Academy of Ancient Music has unveiled plans for its new Cambridge series, following the success of its inaugural season under music director Laurence Cummings.
The orchestra will present a year-long exploration of the environment and our place in it, titled “The Voice of Nature”.
“The wonderful thing is that even last year, my first year in the job, John McMahon and I were able to put together exactly the season we wanted,” Laurence says.
“Normally, when you take on an organization, you inherit a series of concerts that have already been planned because that’s the nature of planning. But of course, because everything was so uncertain with the pandemic, we were able to put together whatever we wanted. So we feel like we’ve already established a consistent season.
“After the pandemic, we realized that we musicians had missed the audience as much, if not more, than the audience had missed the musicians. It’s so symbiotic and this wonderful convection current that you get in the concert hall.
“We performed several concerts online at the West Road Concert Hall without an audience and were thrilled to play, but it was also quite scary.
“There’s something about having someone pretty close to you, absorbing what you’re playing. It’s a gift from us to the public, and their gift to us is their presence. So it’s nice to have that and to remember how important that communication and that relationship is.
He explains that he’s noticed the music has a “healing” effect on listeners during the pandemic and he wants everyone to have access to it and be able to enjoy this series – even if they’ve never heard the music previously.
“I don’t want to organize a series of concerts that people need to know about before coming to listen. I want people to be able to come to a concert without knowing anything about the repertoire, or even about the orchestra.
“This concert is for them as much as it is someone who has heard six different recordings of the musical offering and has opinions about it. They are also welcome of course, but so often I think classical music can be off-putting to the newcomer and I want that not to be the case. I want to welcome people, because for each repertoire – no matter how intellectual the composition – it must be accessible and enjoyable.
He hopes people will be inspired to get interested in classical music after attending one of the concerts, just like he suddenly got into music in his youth.
“My light bulb moment as a teenager was when I was listening to Handel’s Messiah on an LP. I remember going to the record store in Birmingham, where I’m from, and then having it bought it and been blown away. And of course all those wonderful previous recordings were produced so well and you had the wonderful booklet with so much information and then I kind of soaked it all up like a sponge.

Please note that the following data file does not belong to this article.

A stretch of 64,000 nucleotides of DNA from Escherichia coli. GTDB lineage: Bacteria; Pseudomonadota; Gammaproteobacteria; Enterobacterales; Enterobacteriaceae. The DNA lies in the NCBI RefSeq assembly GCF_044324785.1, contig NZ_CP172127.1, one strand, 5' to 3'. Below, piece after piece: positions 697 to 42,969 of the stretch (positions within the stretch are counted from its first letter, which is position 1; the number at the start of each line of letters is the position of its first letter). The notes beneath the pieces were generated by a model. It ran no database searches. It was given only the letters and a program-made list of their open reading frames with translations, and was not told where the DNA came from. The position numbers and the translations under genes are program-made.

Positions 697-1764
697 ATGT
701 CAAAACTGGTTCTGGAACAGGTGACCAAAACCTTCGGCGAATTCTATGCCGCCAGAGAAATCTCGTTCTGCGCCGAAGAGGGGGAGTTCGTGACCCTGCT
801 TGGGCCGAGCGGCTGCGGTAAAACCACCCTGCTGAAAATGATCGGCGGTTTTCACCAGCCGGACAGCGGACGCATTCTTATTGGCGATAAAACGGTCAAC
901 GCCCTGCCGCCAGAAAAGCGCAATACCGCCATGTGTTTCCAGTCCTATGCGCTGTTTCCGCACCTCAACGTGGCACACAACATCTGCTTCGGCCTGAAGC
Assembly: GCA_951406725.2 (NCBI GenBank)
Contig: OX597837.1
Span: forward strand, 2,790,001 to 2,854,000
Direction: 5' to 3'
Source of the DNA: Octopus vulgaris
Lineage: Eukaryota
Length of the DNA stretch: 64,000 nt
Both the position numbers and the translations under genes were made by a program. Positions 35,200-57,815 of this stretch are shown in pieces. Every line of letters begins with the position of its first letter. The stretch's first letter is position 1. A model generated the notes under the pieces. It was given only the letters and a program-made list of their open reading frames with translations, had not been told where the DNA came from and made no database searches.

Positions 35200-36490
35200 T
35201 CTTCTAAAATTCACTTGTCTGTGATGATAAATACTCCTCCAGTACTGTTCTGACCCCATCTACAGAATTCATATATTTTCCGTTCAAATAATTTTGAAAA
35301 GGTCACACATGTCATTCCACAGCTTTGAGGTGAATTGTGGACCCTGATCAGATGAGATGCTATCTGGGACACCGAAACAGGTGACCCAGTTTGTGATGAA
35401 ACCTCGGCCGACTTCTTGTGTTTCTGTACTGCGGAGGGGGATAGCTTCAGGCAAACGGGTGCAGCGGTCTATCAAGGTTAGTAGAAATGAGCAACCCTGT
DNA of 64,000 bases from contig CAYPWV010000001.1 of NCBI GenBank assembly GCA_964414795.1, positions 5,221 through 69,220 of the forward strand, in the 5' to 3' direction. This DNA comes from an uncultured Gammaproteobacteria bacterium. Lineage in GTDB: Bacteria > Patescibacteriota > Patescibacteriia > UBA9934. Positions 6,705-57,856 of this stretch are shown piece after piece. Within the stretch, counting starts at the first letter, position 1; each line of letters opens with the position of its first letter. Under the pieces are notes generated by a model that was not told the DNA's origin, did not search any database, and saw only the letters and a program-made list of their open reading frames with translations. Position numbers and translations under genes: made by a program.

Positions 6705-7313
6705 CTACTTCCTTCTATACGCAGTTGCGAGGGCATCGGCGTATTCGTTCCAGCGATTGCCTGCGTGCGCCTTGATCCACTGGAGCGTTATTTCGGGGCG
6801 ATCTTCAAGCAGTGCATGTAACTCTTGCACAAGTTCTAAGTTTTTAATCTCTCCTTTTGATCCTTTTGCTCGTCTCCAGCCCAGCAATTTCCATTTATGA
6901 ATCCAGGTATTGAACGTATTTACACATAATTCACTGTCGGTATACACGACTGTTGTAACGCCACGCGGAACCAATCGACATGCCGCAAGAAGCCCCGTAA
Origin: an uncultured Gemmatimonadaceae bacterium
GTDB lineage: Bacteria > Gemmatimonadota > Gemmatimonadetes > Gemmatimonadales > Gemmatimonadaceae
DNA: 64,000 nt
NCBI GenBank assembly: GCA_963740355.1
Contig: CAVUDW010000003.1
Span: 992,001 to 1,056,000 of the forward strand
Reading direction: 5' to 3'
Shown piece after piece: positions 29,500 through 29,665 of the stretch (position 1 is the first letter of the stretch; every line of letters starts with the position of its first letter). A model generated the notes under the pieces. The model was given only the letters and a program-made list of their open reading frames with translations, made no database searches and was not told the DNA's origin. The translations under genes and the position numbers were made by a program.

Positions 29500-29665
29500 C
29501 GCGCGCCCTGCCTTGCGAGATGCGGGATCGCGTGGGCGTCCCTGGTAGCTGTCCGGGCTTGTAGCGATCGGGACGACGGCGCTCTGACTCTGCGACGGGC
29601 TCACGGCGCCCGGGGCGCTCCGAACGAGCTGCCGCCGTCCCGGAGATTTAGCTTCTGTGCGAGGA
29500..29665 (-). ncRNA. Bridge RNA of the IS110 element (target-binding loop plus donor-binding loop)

2022-23 season of the Academy of Early Music at Cambridge
Wednesday, November 9, 2022
Laurence Cummings conducts a Baroque celebration of nature and music and begins with arguably the most astonishing natural wonder in all of Baroque music: the chaos with which Jean-Féry Rebel opens his Les Élémens suite.
Thursday, February 2, 2023
JS Bach wrote his Musical Offering for King Frederick the Great of Prussia. It was a collection of pieces designed to put the nature of music itself to the ultimate technical, intellectual and emotional test. Dazzling with imagination and infinite richness, this masterpiece has fascinated interpreters and scholars for centuries. AAM tells its story and unveils its secrets.
Wednesday, March 8, 2023
AAM takes Henry Purcell’s Ode to Saint Cecilia, patroness of music, as the starting point for a musical journey through all of creation. Purcell’s music has a special place in the history of the Academy: conducted by Laurence Cummings, it will sound more lively and joyful than ever.
Thursday April 20, 2023, 7:30 p.m.
Bojan Čičić opens the book of musical jokes from the Baroque era for an evening of novelties, parodies and flights. Humanity is also part of nature. For composers like Biber, Schmelzer, Farina and Schedt, there was nothing that was not musical: a fencing school, a bustling street, a city steeple or the chaos and clamor of a battle. You’ll hear them all in this flamboyant sonic extravaganza from six Baroque masters letting their imaginations run wild.
Wednesday, May 10, 2023, 7:30 p.m.
Laurence Cummings rediscovers the eternal truths (and true delights) of Handel’s spectacular Italian oratorio, The Triumph of Time and Disillusion. Still relatively unknown in the English-speaking world, it is flamboyant, expressive and contains some of Handel’s greatest melodies.